From Rejection to Outrage:
Convictions and Executions that Obviate the Presence of Severe Mental Illness
On January 13, 2021, Lisa Montgomery, a female inmate on federal death row was executed for murder in the state of Indiana. She was the first woman in nearly 70 years to receive the death penalty in the United States. This miscarriage of justice reflects a lack of understanding and negation of the role of severe childhood trauma and its impact on later life psychopathology and criminality. Lisa Montgomery suffered from severe mental illness that was not considered relevant when determining her criminal responsibility.
In 2004, Montgomery strangled a 23-year-old woman who was 8 months pregnant. She cut the baby out of the womb and took the infant posing the infant as her own daughter. Montgomery was allegedly suffering from severe mental disorders; specifically, she was diagnosed with bipolar disorder, complex post-traumatic stress disorder, dissociative disorder, and traumatic brain injuries, in the context of a biographical history of profoundly serious physical and mental abuse as a child—described by many as torture. Prior to the crime, Montgomery suffered from pseudocyesis, a rare psychotic belief that one is pregnant, where hormonal and physical changes of pregnancy also occur.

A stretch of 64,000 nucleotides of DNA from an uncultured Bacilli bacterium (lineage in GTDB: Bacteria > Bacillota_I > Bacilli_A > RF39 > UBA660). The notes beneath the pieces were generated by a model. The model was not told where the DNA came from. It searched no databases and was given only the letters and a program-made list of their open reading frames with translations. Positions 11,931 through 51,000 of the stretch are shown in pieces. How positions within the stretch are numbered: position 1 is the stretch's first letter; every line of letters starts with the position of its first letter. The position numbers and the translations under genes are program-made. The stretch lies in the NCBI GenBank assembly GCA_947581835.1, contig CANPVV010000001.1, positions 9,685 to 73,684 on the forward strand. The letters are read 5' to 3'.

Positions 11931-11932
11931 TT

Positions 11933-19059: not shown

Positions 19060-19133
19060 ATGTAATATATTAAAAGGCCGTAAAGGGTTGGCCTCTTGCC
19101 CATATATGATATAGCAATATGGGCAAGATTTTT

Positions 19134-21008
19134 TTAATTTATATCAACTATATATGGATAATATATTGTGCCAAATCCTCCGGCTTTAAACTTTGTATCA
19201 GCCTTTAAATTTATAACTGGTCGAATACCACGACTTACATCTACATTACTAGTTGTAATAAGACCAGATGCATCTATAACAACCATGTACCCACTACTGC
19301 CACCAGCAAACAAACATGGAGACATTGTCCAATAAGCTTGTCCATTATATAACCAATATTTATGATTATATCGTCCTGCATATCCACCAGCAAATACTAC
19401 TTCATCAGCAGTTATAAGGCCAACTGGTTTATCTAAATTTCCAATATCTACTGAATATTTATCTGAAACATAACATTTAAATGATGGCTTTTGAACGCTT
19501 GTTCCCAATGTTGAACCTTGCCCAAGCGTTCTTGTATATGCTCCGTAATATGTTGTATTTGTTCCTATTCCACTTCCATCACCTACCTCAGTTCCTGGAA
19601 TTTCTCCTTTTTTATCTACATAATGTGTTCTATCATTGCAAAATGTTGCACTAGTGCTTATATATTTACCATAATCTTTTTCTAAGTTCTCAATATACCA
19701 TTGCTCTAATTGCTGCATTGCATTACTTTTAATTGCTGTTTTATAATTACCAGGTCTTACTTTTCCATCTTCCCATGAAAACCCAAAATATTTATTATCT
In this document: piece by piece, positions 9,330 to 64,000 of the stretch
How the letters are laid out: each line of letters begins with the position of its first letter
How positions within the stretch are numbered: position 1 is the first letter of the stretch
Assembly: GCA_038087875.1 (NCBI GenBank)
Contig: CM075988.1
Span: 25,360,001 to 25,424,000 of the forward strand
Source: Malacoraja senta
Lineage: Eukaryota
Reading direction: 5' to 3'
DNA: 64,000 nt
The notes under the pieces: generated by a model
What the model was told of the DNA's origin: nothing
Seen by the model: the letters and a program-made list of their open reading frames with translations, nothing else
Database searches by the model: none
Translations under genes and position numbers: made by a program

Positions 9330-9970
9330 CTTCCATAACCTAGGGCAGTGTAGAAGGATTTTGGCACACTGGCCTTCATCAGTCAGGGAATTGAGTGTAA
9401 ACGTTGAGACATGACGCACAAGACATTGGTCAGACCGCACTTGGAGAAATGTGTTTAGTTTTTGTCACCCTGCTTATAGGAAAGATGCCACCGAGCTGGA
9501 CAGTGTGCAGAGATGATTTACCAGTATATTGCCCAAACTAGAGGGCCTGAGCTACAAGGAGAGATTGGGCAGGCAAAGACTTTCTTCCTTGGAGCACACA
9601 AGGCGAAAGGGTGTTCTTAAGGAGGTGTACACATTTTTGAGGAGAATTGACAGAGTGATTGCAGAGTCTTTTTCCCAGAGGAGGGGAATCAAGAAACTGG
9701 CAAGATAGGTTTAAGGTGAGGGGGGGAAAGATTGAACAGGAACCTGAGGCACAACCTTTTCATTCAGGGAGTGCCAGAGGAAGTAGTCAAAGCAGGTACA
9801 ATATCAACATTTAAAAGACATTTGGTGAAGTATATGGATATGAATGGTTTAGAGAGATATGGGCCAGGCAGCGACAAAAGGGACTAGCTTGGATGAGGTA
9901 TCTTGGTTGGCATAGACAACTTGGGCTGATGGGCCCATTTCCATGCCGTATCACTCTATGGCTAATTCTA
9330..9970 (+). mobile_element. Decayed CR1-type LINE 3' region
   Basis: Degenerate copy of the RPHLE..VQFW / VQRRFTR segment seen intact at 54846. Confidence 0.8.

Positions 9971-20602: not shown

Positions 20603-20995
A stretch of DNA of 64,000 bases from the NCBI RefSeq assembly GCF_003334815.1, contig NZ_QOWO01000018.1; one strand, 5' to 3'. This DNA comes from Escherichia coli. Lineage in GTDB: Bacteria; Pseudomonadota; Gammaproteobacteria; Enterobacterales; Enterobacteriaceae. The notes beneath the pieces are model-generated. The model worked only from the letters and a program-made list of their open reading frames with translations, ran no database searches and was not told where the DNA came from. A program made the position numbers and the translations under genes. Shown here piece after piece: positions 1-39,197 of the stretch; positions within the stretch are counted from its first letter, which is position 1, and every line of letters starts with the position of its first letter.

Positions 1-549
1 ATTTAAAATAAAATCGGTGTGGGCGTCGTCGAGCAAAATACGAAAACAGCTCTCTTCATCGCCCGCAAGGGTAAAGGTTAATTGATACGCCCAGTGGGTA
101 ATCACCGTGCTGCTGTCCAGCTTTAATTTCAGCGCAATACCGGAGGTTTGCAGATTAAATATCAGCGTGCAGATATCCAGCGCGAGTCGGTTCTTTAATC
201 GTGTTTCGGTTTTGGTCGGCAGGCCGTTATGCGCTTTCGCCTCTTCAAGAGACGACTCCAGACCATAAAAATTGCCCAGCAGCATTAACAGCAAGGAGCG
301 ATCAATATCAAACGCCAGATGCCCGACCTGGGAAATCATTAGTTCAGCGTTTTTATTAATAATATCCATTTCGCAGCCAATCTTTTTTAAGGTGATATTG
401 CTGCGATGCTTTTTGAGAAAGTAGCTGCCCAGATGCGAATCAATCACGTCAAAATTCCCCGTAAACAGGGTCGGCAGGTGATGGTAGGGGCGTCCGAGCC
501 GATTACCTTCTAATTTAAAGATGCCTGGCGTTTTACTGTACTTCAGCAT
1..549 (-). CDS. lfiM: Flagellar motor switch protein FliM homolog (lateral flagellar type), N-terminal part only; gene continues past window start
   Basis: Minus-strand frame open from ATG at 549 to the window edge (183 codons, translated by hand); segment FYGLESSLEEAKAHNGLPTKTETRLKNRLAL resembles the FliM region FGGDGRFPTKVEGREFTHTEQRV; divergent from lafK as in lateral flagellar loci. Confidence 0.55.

In many cases, severe mental disturbances are a result of significant childhood trauma and can alter thoughts, emotions, beliefs, and behaviour. As we are organizations dedicated to advocacy and awareness as well as the prevention of mental health, we want to emphasize the need to assess, defend, and adequately treat people suffering from mental disorders to prevent these tragedies wherein the perpetrator is themselves a victim of their mental illness.
On occasion of the execution of Lisa Montgomery, from the Marcé Spanish Society of Perinatal Mental Health (MARES), the Spanish Association of Perinatal Psychology (AEPP), and the Centre for Perinatal Psychology and Forensics International (CPPFI) without forgetting the pain of the family of the victim of such an atrocious death, Bobbie Jo Stinnett, we express our rejection and outrage with regard to the conviction that led to the execution of Lisa Montgomery, a woman who at the time of committing the crime suffered from severe mental disorders. This federal execution violates the right to consider the seriousness of the mental illness at the time of commission of the criminal act and abuses by authoritarian power, by not considering the research underscoring the role of childhood traumas, and the physical, psychological, and environmental conditions of the person.